In its southern part the Eastern Cordillera of Colombia (EC) displays a change in fold style which correlates with a change in slab configuration between the normal dipping southern Cauca and the flat dipping northern Bucaramanga segment and which may attest to a slab tear. South of this transition zone, the EC defines a compact antiformal structure, with its crest located close to its eastern mountain front. In its northern segment, the EC evolves into a composite belt with two mountain fronts separating an axial depression and marginal foreland thrusts contributing to a considerable widening. In this contribution we analyze the kinematic evolution of two representative cordilleran cross sections on either side of the transition zone by considering a geometric balancing and existing thermochronological data, in order to constrain their evolution. We then present results of analogue experiments which we performed in order to reproduce strongly mono- and bivergent thrust wedges and discuss their initial settings, which might give clues with respect to the rheological behavior of a relatively cold and a warm crust. Finally, we compare the observed deformational styles to surface expressions of known tear zones in order to conclude about common features and pending questions for future research.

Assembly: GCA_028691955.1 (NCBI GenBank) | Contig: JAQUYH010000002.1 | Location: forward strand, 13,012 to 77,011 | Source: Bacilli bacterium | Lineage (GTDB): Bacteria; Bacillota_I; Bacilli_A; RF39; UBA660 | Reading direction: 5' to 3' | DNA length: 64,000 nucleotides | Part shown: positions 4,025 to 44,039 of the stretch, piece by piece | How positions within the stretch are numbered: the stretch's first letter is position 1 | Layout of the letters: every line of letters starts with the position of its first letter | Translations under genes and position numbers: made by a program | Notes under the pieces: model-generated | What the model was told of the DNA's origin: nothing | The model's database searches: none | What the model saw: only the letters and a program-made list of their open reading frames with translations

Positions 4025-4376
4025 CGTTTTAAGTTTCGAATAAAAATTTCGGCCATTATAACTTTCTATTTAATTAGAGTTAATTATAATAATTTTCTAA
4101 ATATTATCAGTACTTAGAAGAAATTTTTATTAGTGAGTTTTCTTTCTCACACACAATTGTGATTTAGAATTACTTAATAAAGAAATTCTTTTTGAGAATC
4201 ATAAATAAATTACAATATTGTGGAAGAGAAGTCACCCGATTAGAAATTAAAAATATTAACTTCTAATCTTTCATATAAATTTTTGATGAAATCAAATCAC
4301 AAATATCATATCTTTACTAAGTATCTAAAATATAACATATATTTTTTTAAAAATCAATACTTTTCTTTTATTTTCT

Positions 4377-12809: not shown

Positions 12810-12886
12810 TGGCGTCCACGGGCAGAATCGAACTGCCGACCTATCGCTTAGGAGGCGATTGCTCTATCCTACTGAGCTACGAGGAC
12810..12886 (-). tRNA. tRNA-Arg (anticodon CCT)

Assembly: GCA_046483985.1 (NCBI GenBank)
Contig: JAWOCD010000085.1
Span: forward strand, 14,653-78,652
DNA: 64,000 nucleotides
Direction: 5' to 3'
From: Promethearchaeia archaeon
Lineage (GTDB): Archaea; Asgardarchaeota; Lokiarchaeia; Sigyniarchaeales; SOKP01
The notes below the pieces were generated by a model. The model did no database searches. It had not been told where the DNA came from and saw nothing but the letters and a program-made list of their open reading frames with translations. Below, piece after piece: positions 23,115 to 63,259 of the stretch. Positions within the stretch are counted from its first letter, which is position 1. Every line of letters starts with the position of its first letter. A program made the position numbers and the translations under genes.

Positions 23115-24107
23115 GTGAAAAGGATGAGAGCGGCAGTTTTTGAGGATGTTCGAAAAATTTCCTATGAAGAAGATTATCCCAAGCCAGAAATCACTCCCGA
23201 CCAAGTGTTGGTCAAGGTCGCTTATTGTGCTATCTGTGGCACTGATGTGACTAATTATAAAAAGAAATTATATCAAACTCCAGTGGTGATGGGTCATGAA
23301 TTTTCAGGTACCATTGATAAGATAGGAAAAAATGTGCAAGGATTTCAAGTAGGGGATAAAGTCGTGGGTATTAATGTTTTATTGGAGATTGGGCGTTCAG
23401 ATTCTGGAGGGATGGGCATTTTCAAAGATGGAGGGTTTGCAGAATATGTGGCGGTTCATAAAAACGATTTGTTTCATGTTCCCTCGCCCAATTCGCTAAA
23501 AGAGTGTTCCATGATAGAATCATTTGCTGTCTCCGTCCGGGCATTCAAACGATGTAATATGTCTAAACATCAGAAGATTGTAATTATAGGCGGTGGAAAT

• Andreas Kammer, Camilo A. Conde Carvajal, Cristhian B. Riascos Rodríguez, Michael A. Avila Paez
  • akammer@unal.edu.co, dyayac@unal.edu.co, cbriascosr@unal.edu.co, miaavilapa@unal.edu.co